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1.13
Graph of 2 parallel lines

Transformations of lines

We now apply translations and dilations to lines, or more precisely to the equations of those lines. What happens to the equation of a line if we translate it by \(\normalsize{2}\) in the \(\normalsize{x}\) direction, or by \(\normalsize{-3}\) in the \(\normalsize{y}\) direction? What happens if we apply a dilation \(\normalsize{[x,y]}\) goes to \(\normalsize{[rx,ry]}\)?

In this step you will learn

  • how a translation in either the \(\normalsize{x}\) or \(\normalsize{y}\) direction affects the equation of a line

  • how a dilation affects the equation of a line.

Translating a line

If we take the line \(\normalsize{y=3x-1}\) and translate it up by \(\normalsize{2}\) in the \(\normalsize{y}\)-direction, we get \(\normalsize{y=3x-1+2}\) or just

\[\Large{y=3x+1.}\]

If we take the same line \(\normalsize{y=3x-1}\) and translate it by \(\normalsize{2}\) in the \(\normalsize{x}\) direction, then the equation changes more subtly to \(\normalsize{y=3(x-2)-1}\). Can you see why? Suppose the point \(\normalsize{[r,s]}\) lies on the original line. This means that

\[{\Large s = 3r - 1 = 3( (r+2)-2) - 1}.\]

But then \(\normalsize{[r+2,s]}\) will lie on the translated line \({\normalsize y = 3(x-2)-1 = 3x-7}\).

Q1 (E): Which of the following equations represents a translation of \(\normalsize{y=3x-1}\) by \(\normalsize{3}\) in the negative \(\normalsize{x}\) direction?

a) \(\normalsize{y=3(x-3)-1}\)
b) \(\normalsize{y=3(x+3)-1}\)

Q2 (M): Find the equation of the red line, and hence find the equation of its translate the blue line.

A translated line

Summarizing, we have the following:

Replacing \(\normalsize{y}\) by \(\normalsize{y-k}\) in an equation represents a translation by \(\normalsize{k}\) in the \(\normalsize{y}\) direction.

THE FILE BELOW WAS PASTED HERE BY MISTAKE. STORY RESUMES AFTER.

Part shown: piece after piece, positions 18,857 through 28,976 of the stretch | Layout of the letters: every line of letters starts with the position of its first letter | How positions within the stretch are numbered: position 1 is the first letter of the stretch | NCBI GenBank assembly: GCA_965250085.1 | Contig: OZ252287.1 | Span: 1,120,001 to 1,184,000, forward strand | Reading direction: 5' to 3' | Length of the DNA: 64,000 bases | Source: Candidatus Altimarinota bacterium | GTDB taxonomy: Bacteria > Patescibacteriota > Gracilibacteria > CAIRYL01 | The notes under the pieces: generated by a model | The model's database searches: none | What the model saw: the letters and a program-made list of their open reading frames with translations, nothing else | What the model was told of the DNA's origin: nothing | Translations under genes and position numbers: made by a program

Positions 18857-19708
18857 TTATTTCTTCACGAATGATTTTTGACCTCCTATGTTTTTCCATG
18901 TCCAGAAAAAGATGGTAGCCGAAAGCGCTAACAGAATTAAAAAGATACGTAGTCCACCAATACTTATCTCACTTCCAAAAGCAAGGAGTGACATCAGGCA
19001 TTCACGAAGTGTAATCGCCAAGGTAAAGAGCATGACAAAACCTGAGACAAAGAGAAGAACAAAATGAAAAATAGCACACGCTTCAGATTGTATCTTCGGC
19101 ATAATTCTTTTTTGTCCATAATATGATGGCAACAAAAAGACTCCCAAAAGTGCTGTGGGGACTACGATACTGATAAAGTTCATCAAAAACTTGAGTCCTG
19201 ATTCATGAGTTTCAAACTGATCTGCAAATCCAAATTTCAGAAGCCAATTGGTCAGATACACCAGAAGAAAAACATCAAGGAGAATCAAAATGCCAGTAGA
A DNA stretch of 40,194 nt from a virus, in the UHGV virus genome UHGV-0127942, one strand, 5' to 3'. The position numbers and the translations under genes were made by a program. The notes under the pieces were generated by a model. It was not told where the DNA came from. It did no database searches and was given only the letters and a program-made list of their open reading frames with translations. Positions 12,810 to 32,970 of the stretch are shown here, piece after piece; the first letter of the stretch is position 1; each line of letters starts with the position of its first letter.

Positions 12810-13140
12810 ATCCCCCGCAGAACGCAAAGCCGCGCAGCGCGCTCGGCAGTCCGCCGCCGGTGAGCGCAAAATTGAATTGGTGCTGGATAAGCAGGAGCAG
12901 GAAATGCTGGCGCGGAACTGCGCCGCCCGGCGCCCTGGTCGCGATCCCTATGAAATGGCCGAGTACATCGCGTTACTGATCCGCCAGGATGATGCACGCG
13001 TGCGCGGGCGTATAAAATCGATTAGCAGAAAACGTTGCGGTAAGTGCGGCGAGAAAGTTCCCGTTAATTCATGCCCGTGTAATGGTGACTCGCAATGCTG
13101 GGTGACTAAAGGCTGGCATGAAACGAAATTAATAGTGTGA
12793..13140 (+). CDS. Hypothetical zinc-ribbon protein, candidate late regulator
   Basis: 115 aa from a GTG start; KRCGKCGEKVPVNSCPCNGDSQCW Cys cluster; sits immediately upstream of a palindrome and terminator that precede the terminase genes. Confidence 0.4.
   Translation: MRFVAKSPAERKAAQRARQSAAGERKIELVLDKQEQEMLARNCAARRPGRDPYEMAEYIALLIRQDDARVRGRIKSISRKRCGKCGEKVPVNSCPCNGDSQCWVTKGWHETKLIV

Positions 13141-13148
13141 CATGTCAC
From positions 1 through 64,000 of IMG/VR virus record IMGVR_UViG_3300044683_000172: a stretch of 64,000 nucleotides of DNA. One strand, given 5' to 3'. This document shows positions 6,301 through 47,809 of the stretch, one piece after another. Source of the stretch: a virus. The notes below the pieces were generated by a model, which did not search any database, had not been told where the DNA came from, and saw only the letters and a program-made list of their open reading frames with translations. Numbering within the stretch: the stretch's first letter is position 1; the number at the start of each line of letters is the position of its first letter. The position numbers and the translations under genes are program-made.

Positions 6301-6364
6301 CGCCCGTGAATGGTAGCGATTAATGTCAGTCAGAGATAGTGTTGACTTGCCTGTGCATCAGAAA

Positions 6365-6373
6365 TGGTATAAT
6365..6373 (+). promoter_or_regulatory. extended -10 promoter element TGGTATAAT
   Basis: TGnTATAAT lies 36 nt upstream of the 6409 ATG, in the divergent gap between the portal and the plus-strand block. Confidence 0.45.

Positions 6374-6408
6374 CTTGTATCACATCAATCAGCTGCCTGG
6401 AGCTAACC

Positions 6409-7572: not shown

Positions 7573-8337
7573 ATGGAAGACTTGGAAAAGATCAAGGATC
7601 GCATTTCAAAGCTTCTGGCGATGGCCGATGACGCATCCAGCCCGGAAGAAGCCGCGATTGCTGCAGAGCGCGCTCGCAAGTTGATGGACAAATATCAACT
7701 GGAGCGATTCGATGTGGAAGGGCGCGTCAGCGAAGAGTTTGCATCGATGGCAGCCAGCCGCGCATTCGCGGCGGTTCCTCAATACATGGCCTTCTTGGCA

Replacing \(\normalsize{x}\) by \(\normalsize{x-h}\) in an equation represents a translation by \(\normalsize{h}\) in the \(\normalsize{x}\) direction.

Scaling a line

If we multiply the \(\normalsize{y}\) coordinate of a point \(\normalsize{[x,y]}\) which lies on the line \(\normalsize{y=3x-1}\) (in red) by \(\normalsize{\frac{3}{2}}\), the effect is a dilation in the \(\normalsize{y}\) direction by just this factor. This takes the line \(\normalsize{y=3x-1}\) to \(\normalsize{y=\frac{9}{2}x-\frac{3}{2}}\), which is the blue line below.

Two lines: y=3x-1 and y=3/2(3x-1)=(9/2)x-3/2

If we multiply the \(\normalsize{x}\) coordinate of a point \(\normalsize{[x,y]}\) on the line \(\normalsize{y=3x-1}\) by \(\normalsize{\frac{1}{2}}\), the effect is a dilation in the \(\normalsize{x}\) direction by just this factor.

Two lines: y=3x-1 and y=6x-1

Summarizing, we have the following:

Replacing \(\normalsize{y}\) by \(\normalsize{ry}\) in an equation represents a dilation by \(\normalsize{\frac{1}{r}}\) in the \(\normalsize{y}\) direction.

Replacing \(\normalsize{x}\) by \(\normalsize{sx}\) in an equation represents a dilation by \(\normalsize{\frac{1}{s}}\) in the \(\normalsize{x}\) direction.

Combining translation and dilation

So what happens if we combine a translation by \(\normalsize{3}\) in the \(\normalsize{y}\) direction with a dilation by \(\normalsize{4}\) in the \(\normalsize{x}\) direction? The line \(\normalsize{y=3x-1}\) first goes to \(\normalsize{(y-3)=3x-1}\) and then to \(\normalsize{(y-3)=3(x/4)-1}\). This works out to be \(\normalsize{y=(3/4)x+2}\).

The line y=(3/4)x+2

Answers

A1. The translate by \(\normalsize{-3}\) in the \(\normalsize{x}\) direction is b) \(\normalsize{y=3(x+3)-1}\). This simplifies to the equation \(\normalsize{y=3x+8}\).

A2. The point \([0,5]\) lies on the red line, and so its equation is of the form \(y=kx+5\) for some number \(k\). Since the point \([-3,-4]\) also lies on this line, this becomes \(y=3x+5\). The blue line is the translate in the \(x\) direction of the red line by \(\normalsize{4}\), and therefore has equation \(y=3(x-4)+5\) or \(y=3x-7\).

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Maths for Humans: Linear and Quadratic Relations

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